In my most recent post, I touched on the concept of being able to blend two or more art forms with high quality in each. I’ve come back to this idea repeatedly in my thoughts since. For me, the most prominent examples  with the most social impact are films and the music that underscore them. The problem I’ve encountered is my realization–with just a small measure of research–that I know very little on a subject with which I thought I had a firm command. I haven’t seen nearly enough movies and studied them in depth to make judgments with any true expertise, but I do pay attention and have a substantial appreciation of movies and music, having written some in both fields. If I only could, I would make this an interactive discussion and allow everyone to throw a hat into the ring.

I think it’s obvious the art of film has evolved, as has music for film. There’s a tendency to think the latest is the best, whether it’s in this medium, television, sports or whatever. Sometimes respect for the classic form is dismissed in contemporary surveys. I’ve found lists of the best in the last 25 years, taking us back to the age-encrusted year of 1993. On the flip side, the American Film Institute pays tribute to the finest film scores back as early as 1933 in its top 25. King Kong got the nod from AFI in this case. My intention is to list the best movie and music combination in the last 50 years, for it is in the intertwining of the two that I find the most magic. Reaching back only to 1968 isn’t really adequate for a full study, but it acknowledges a healthy respect through a large chunk of film and music history. I’ll also consider the soundtracks with compilations of popular music apart from a film score, for I have been more deeply touched by some of those than I have by brilliant composition made to draw the most out of the visual effect on the screen.

So let’s get to the heart of this venture. I welcome comments in the spirit of fun, lively discussion. Maybe my opinion will miss the mark on some. The list, after all, should be gads longer. But it’s the cream we’re skimming here, taking a teaspoon from a tanker.

From the decade of the 1960’s, the nominees are Lawrence of Arabia, Magnificent Seven, To Kill a Mockingbird, The Pink Panther, and The Sound of Music. Although the scope of Lawrence of Arabia and Magnificent Seven as films and their grand music are tremendous, I don’t find them as compelling as the other candidates. I hate to rule out The Pink Panther because the music is precious to me, but again the comedic shenanigans–brilliant as they are–don’t rise to the level of the story lines of To Kill a Mockingbird and The Sound of Music. The beauty of the music and the heart-wrenching tale of To Kill a Mockingbird are nearly impossible to discount. I can’t. From a personal perspective, though, I have to reluctantly choose The Sound of Music as the best of the 60’s because of the iconic music, the illustrious colorful beauty of the cinematography and the gravity of the story it tells. Not that Mockingbird takes a back seat to any film or book for value to humanity. It is on the other factors stated above that Sound of Music edges out Mockingbird.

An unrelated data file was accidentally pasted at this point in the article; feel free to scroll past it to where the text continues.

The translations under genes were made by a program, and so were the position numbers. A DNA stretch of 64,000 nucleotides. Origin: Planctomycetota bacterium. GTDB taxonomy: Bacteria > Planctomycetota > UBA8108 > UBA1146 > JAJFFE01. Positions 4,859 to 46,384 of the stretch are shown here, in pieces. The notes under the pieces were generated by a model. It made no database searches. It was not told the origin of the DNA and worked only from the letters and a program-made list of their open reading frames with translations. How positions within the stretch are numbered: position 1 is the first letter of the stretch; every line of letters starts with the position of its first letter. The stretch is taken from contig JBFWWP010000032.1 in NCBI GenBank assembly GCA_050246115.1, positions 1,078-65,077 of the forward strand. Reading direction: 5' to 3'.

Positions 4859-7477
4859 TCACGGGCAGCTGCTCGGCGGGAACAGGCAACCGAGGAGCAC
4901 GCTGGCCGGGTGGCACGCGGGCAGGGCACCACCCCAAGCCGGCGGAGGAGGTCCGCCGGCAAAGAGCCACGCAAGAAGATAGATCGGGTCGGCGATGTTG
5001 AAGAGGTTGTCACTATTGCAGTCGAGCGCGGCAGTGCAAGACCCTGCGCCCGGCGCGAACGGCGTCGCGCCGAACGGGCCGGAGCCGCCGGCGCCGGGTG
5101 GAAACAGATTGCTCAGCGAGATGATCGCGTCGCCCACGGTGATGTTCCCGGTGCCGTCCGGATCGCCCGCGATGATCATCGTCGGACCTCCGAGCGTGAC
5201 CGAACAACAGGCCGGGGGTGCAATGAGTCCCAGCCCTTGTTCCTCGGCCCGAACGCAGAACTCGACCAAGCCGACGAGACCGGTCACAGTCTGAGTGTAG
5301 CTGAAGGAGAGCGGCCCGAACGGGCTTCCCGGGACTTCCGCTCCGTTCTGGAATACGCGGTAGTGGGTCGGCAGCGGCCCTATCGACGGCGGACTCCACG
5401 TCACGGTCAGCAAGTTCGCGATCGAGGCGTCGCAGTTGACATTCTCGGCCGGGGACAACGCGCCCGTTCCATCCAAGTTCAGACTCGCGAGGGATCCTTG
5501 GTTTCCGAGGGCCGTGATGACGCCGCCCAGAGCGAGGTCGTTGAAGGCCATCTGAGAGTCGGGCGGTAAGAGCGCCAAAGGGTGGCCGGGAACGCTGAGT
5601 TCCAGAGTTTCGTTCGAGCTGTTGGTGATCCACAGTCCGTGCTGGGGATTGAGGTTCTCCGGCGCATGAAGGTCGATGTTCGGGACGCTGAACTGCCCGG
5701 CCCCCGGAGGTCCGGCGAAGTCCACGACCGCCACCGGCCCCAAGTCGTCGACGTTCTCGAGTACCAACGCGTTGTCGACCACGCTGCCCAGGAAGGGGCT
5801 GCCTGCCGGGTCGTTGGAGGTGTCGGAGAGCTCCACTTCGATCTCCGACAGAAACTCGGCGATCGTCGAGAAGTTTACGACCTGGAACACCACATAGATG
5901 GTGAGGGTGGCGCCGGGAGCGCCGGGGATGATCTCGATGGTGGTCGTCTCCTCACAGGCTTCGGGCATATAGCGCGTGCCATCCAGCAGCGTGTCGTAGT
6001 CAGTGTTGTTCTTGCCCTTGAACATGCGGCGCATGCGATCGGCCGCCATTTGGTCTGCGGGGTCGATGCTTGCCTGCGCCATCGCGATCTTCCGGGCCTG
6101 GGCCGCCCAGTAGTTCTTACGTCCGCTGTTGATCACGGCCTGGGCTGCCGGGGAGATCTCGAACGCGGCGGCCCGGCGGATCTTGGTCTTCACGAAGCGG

In the ’70’s, there were some phenomenal breakthroughs in scoring film. 1972 brought us The Godfather, inseparable from its music. Chinatown in ’74 brought us classic film noir with fresh faces and fresh music that graced us with fine jazz transcended by other appropriate blends of suspense and the macabre. John Williams teamed with Steven Spielberg to scare the hell out of us with Jaws in ’75, leaving an indelible stain on beaches and Great White Sharks everywhere. Then in ’77, Williams and George Lucas changed everything in the marrying of film and music. Star Wars was and is a cultural phenomena unparalleled in its broad appeal and the Williams score was a signature piece fans recognize today, four decades later. I can’t go on without mentioning at least Five Easy Pieces, Taxi Driver, and American Graffiti as another few movies that carry great impact visually and musically. I want badly to tab Star Wars as the best of the decade, but I’m influenced by public opinion that The Godfather may be the best movie of all time. The film score did nothing to detract from such high honors either, so I must bow to the filmmaker and composer who put together this artistic masterpiece.

Come back to the theater soon and I’ll tear your tickets to the succeeding four decades.